Most everyone I know who has heard the classic rock album called The Allman Brothers At Fillmore East which was released in 1971 agree that it is a brilliant recording of the band at its peak. And there’s a general assumption especially of friends who are fans of so called “jam bands” that after Duane Allman died the band wasn’t quite as good. There’s no doubt that he and co-lead guitarist and songwriter Dicky Betts had a special musical chemistry, but there are some really great moments which came later which are worth exploring.
But that isn’t a theme here I want to discuss. You see, I’m reviewing a new three CD set of recordings made by Owsley Stanley (a.k.a. Bear a.k.a. the audio wizard for the Grateful Dead back in the day) and this presents some interesting insights into the band’s remarkable progression.
In this new three CD set — called Bear’s Sonic Journals: Fillmore East, February 1970 Deluxe Edition —we get to hear two visions of what The Allman brothers were about at that point in time.
Culled from two fine sets that February in 1970, on disc one you hear a compilation of the best parts of both shows (this was previously released, for those who may have missed it). Together, these recordings have been a bit eye opening for me due to the quality of the mix Owsley crafted here. I’ve certainly heard other Allman’s shows from this era, but the clarity was not as distinct as on these recordings.
To really appreciate this it helps to leapfrog ahead to that acclaimed 1971 run of Fillmore shows. When you listen closely to the Allman Brothers Band of that year you realize that they had developed into a remarkable hybrid of authentic electric blues, rich exploratory jazz fusion and swinging Stax-worthy-soul ala Booker T & The MGs (note: remember, Duane recorded on many Memphis sessions including recordings for Aretha Franklin, King Curtis, Wilson Pickett, Arthur Conley and many others)
So on the 1971recordings we all got to hear the big payoff of all the hard work that the band did to get to that point. For many, this was the first exposure to the group.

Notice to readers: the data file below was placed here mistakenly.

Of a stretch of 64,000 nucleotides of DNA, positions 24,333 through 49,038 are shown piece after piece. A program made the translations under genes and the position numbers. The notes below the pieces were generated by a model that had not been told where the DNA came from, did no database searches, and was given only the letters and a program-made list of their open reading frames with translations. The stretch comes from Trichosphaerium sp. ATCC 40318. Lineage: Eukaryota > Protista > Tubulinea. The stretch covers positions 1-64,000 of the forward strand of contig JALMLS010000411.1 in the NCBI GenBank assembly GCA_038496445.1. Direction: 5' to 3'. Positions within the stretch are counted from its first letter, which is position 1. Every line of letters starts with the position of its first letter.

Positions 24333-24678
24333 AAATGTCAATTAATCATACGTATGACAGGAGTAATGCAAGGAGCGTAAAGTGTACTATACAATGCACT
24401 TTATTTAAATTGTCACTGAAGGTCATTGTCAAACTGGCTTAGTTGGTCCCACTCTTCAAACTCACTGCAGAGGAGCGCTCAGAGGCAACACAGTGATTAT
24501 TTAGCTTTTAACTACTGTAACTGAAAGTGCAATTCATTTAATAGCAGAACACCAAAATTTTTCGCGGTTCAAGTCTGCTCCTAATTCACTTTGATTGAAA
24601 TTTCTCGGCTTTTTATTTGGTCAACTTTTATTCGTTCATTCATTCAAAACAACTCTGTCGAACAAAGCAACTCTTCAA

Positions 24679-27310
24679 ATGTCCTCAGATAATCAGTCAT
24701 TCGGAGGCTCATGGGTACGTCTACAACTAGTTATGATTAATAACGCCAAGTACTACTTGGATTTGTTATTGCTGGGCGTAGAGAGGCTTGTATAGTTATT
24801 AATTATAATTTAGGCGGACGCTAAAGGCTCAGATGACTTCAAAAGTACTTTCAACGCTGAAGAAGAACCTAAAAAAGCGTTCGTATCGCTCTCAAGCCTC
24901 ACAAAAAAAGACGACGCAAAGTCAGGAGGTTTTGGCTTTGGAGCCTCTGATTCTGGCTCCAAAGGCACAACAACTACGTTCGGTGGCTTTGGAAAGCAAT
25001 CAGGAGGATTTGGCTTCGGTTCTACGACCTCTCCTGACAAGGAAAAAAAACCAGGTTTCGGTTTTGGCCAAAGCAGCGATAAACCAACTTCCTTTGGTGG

And that is where this 1970 recording is so fascinating. They were already a great band beginning their journey towards becoming legends of their times, better than all the rest.
Owsley captured remarkable detail on these 1970 recordings of The Allman Brothers Band. At times it feels like you are listening to an audio x-ray and there we can hear quite clearly that in 1970 the group was not really as tight as they would become a year down the road for those legendary Fillmore East shows.
The arrangements of the songs are more or less in place but the band members have not gotten the “inside” the music, if you will. There’s some really heartfelt stuff going on, but it is that alchemical extra something that is missing at this point.
This is where Bear’s Sonic Journals: Fillmore East, February 1970 Deluxe Edition becomes a fascinating piece of music history, capturing a moment in time, like seeing an early version of a master painter’s work.
Some of the issue is timing. The 1971 interlocking of Duane and Dicky’s guitars delivered spellbinding synchronicity as did drummers Butch Trucks and Jaimoe Johanson. Perhaps most telling is the evolution of Greg Allman’s signature gruff blues voice. In 1970 you can hear him finding his footing, trying to find his vocal sound.
Again, Bear’s Sonic Journals: Fillmore East, February 1970 Deluxe Edition is really quite fascinating to listen in this regard.
The Allman Brothers were playing some great things at this point, most notably a song they were breaking out around 1970 but which fell by the wayside by the time of the 1971 recordings: “Outskirts of Town.” Ironically, this song seems to be one of the tightest fully formed pieces they played in this set, closest to that later synergy.
I wish they’d kept on doing that tune.
So all in all Bear’s Sonic Journals: Fillmore East, February 1970 Deluxe Edition is a great little collection and certainly if you’re a fan of The Allman Brothers or are tired of listening to hissy bootlegs, you want to pick this one up. The first disc on this set was released on vinyl and CD a few years ago (and the LP version is now a pricey collector’s piece!).
If you’re just curious about expanding your knowledge about the group, this is a good way to grow. Then tune in several months later to July 1970 Live At The Atlanta International Pop Festival where you hear them making more inroads toward that magic ultra-tight / ultra-loose swinging soulful jazz rock sound. The Allman Brothers Band were clearly on quite an amazing journey and now between this and several other archival releases you can follow that path to timelessness.